Ransomware Attack Could Impede Sales in Hot Housing Market | #malware | #ransomware


  • A major cloud-hosting provider for the real-estate title industry was struck by a ransomware attack.
  • Cloudstar said in a statement that “our systems are currently inaccessible” after the Friday attack.
  • Consequences for the residential real estate market include slowing or even halting transactions.

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ransomware
hack has hit a key part of the red-hot residential real estate market, which could impede transactions including the buying and selling of homes.

Cloudstar, a cloud-hosting service used by many title insurance firms, confirmed to The Title Report that its services have been offline after a ransomware attack on Friday.

Cloudstar hosts the data for hundreds of title companies and lenders, as well as other regulated industries, across five data centers throughout the United States. “Title” is the legal right to ownership of a property; buyer-side title insurance, which protects against unknown issues in the title, is required by lenders before they will close on a mortgage and allow a property to formally change hands. 

The Cloudstar hack is a major logistical headache for title insurance companies and lenders, requiring them to grab data from other sources in order to verify titles and keep real estate transactions moving. Nicholas Chavez, a cybersecurity expert who is also the CEO of title company Silicon Title, estimated that given Cloudstar’s size, there are at least “decamillions” of active transaction value in its systems. The total “could possibly be as high as hundreds of millions or billions of dollars,” he added.

“If it’s been down before, it was down for maybe an hour, or a half an hour, never for very long,” said Mish Quadri, owner of Title Zen, a Florida company that processes title requests. “In my experience working with other companies, this is catastrophic.”

Plus, there’s the risk that confidential information gets leaked: Title transactions contain a range of sensitive and valuable personal details, including Social Security and bank account numbers. (A CloudStar press release said it is “too early” to know what data may be compromised.) In ransomware attacks like this one, criminals freeze computer systems by encrypting companies’ data so it can’t be accessed and then demand a ransom for the data. If companies refuse to pay or hesitate, cybercriminals sometimes extort companies by posting sensitive data publicly.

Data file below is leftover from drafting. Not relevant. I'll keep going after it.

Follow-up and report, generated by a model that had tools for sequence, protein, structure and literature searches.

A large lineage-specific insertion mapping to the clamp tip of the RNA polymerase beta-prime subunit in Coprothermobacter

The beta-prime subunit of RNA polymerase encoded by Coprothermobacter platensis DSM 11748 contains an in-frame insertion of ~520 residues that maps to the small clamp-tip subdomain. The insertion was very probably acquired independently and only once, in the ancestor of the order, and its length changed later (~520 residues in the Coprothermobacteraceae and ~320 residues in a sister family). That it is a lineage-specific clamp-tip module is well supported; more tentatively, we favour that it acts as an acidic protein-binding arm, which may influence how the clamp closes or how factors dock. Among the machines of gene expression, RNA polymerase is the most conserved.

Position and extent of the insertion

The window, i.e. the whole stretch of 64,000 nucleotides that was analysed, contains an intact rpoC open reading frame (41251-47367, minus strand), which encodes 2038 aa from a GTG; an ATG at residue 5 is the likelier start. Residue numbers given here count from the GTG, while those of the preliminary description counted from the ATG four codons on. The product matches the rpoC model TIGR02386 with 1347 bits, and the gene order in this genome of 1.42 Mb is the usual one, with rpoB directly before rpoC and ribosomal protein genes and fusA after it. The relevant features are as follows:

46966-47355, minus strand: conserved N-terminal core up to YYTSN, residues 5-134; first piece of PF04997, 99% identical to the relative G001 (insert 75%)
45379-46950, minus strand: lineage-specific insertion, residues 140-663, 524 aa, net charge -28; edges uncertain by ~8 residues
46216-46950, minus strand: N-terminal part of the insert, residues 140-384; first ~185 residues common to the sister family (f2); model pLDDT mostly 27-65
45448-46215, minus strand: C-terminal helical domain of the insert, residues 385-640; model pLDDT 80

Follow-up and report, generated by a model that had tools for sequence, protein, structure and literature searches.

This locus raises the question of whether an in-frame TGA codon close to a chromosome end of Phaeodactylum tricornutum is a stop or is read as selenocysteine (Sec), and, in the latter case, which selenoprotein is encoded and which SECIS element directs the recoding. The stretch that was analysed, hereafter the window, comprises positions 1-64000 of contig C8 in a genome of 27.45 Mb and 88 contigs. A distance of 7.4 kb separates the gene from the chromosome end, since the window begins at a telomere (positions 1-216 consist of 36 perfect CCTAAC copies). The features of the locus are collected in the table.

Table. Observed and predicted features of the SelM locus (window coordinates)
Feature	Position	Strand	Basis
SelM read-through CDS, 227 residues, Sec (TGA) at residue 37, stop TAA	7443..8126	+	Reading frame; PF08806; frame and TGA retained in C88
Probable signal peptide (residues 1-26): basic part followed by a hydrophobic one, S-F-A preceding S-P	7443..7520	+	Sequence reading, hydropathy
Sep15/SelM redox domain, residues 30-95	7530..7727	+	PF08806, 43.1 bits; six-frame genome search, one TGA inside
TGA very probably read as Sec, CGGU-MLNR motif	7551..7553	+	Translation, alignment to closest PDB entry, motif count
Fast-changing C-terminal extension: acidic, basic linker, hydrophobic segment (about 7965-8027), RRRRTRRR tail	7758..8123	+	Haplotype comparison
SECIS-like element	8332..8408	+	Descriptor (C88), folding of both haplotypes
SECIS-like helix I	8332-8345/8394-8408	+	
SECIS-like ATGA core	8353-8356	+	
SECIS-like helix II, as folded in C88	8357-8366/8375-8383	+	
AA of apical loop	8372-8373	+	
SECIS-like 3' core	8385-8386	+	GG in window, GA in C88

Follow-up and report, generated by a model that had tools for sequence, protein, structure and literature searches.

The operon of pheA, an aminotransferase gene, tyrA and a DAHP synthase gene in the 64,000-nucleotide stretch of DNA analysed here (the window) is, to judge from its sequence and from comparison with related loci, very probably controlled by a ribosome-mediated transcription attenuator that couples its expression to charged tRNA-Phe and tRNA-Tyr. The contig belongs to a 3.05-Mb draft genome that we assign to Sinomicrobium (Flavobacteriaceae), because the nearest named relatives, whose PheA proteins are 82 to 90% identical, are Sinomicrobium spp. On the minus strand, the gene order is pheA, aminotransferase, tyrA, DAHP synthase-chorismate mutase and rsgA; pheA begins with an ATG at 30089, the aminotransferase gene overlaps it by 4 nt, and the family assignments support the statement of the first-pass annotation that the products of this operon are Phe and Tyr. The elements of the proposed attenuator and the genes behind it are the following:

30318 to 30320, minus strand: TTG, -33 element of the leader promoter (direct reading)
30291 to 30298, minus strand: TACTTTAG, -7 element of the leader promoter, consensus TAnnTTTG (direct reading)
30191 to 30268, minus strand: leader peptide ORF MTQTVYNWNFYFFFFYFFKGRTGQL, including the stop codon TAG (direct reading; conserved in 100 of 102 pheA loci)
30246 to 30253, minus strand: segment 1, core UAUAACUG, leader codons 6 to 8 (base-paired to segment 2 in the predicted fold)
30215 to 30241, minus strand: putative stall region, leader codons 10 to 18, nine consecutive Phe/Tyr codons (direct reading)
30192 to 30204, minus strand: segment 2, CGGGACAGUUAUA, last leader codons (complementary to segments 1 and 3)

Cloudstar, which was still offline as of Tuesday, said on its website that “negotiations with the threat actor are ongoing.” The company said it could not provide “a definitive restoration timeline.” It also said in a statement posted on its website that it had informed law enforcement and was working with “third-party forensics experts Tetra Defense to assist us in our recovery efforts.” Tetra is a Wisconsin cybersecurity company that specializes in ransomware response. A Pennsylvania news outlet reported last year that Tetra helped a small municipality pay a ransom. 

“When an attack is on a service provider, the decision as to whether to pay becomes more complex and more pressing. It’s not only their business that has been disrupted, it may be their customers’ business too. The cost of business interruption can be enormous, as can the potential legal liability and, as a result, there can be significant pressure on organizations to end incidents quickly,” Brett Callow, a ransomware expert and analyst at the cybersecurity company Emsisoft, told Insider. 

Whether to pay criminals to release data is an agonizing decision for many companies. The federal government and cybersecurity experts strongly discourage paying off criminals out of fear that it perpetuates the crimes. But major companies have paid out: CNA Financial reportedly paid ransomware hackers $40 million. Colonial Pipeline’s CEO was called to testify before a Senate panel after he paid ransomware criminals.

The mounting pressure to end the Cloudstar shutdown and the course of action the company takes may be keenly watched. 

Sterbcow Law Group Partner Marx Sterbcow raised the possibility of a potential “national emergency” over the weekend, but told Insider that industry cooperation likely has averted the worst threat.

Title firms and software providers that weren’t impacted offered their services to those that were. Proptech unicorn and Tiger Global portfolio company Qualia offered three free months of its software. Still, many are stuck working manually to process title insurance requests, calling clients in order to fill in the gaps left by Cloudstar.

TitleZen is trying to move forward on upcoming closings that are already scheduled. Quadri said she expects her team to work “overnight” to keep transactions from failing without the data. 

“We have closings that are coming up, and have no information right now,” Quadri said. “We have to rebuild all of it, pull in all of the documents, create all new files, and pull in as much missing information as we can so that we can get these things back on track.”



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